This doctrinal focus is misguided. Even ardent proponents of compensation admit that whether TEAs count as property for purposes of the Takings Clause depends on the language the government uses when it creates TEA programs.(15) If this is true, then the important question is not whether the government is constitutionally bound to provide compensation, but whether the government should constitutionally bind itself to provide compensation.(16) This is a policy issue that depends on considerations of efficiency, fairness, and political pragmatism.
The primary issue regarding constitutionally guaranteeing compensation is whether so doing optimally structures the incentives faced by private and public decisionmakers. Ultimately, this Note concludes that the government can achieve substantially the same efficiency results through assurances and consistent regulatory practice, and that in most TEA contexts, ex ante constitutional guarantees are unlikely to improve government decisionmaking. This is because, as mentioned earlier, TEA-holders are likely to enjoy considerable organizational advantages that make it unlikely that alterations in programs that are substantially adverse to their interests will occur without compensation, particularly if the overall benefits of granting compensation outweigh the overall costs. This is especially likely to be the case in the context of TEA programs that regulate emissions and extractions. TEA-holders in those programs are generally industrial polluters and commercial fishers, precisely the sort of business groups that public choice theory suggests will have a disproportionate voice in regulatory decisionmaking.(17)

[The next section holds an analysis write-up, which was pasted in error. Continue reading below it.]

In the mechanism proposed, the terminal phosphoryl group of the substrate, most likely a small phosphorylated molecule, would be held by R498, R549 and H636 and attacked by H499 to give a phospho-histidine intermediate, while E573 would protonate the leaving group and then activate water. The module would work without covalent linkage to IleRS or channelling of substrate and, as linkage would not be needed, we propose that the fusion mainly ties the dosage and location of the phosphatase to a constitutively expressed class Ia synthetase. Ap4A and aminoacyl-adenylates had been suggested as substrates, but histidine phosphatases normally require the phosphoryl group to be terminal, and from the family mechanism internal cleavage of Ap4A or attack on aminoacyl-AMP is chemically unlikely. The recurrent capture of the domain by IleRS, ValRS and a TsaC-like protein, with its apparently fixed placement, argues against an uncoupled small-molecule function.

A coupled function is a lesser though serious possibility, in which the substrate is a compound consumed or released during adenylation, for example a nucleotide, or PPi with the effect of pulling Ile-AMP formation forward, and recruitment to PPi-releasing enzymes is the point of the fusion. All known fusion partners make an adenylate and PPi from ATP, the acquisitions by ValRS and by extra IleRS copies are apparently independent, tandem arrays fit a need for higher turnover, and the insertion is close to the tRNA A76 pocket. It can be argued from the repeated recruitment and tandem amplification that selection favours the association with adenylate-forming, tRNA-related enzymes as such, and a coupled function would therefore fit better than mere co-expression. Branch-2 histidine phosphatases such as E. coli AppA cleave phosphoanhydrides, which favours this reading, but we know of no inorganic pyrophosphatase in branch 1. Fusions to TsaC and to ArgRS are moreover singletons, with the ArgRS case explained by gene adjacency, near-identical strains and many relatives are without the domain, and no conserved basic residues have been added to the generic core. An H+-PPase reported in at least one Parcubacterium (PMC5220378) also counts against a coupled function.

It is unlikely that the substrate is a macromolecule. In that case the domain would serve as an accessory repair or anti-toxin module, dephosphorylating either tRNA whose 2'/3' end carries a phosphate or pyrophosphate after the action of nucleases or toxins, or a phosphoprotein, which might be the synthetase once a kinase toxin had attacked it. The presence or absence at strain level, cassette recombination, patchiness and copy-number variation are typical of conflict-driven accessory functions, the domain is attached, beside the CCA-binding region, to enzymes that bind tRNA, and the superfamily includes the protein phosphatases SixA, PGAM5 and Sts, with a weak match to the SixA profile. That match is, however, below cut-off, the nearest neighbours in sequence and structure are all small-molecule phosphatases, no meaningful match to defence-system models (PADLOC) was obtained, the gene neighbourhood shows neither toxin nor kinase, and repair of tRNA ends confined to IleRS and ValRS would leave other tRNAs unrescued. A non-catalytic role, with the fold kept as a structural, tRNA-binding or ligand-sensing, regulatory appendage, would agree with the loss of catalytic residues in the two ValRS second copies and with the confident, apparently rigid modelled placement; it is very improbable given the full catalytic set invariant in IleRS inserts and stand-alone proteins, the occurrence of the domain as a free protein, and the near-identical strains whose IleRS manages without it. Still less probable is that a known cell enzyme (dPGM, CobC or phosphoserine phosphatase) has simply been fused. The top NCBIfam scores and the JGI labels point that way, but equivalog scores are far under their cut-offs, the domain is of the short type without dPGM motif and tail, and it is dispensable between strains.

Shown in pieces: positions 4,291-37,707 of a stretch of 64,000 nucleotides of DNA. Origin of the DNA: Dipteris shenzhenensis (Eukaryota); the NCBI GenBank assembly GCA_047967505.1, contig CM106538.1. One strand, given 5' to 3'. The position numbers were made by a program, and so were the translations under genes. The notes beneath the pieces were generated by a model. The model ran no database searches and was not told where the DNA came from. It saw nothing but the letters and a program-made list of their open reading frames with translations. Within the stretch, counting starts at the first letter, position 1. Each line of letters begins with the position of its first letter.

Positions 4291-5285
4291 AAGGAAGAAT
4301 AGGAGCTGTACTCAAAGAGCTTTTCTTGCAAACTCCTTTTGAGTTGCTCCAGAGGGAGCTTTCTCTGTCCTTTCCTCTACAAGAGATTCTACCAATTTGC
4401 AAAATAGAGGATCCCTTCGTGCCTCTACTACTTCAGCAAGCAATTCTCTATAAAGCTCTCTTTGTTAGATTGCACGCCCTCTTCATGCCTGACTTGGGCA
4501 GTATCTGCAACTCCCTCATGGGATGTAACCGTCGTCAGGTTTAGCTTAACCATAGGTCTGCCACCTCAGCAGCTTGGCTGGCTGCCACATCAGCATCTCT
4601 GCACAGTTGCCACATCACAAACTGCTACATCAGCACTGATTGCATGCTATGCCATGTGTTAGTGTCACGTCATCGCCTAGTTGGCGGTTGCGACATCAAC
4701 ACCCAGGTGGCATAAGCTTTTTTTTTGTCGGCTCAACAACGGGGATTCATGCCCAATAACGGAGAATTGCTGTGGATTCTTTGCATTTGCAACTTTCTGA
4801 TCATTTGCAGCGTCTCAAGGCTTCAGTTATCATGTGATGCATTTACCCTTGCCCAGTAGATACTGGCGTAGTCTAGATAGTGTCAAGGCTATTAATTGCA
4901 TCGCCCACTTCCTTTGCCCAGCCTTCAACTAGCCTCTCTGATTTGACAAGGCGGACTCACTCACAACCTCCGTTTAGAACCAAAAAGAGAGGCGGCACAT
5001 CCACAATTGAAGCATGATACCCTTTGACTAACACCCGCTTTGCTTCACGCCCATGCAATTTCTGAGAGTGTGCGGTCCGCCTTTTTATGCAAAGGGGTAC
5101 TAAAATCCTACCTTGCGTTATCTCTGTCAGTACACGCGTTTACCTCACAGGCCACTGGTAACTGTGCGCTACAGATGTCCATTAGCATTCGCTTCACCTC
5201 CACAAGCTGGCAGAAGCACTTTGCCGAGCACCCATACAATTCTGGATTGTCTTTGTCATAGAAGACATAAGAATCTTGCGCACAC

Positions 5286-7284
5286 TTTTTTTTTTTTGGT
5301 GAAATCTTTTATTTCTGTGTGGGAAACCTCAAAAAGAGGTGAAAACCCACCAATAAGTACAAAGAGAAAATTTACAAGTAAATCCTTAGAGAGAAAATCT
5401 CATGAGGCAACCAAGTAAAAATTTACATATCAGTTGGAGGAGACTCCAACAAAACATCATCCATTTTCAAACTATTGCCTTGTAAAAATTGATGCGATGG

An exception to the general organizational advantage of TEA-holders might exist, however, in the context of the third type of TEA program, namely, those that regulate land development. Insofar as owners of undeveloped land generally do not share the organizational advantages enjoyed by industrial polluters and commercial fishers, it might be appropriate to offer those governed by transferable developmental rights (TDR) programs constitutional protection from uncompensated TEA confiscations in certain contexts.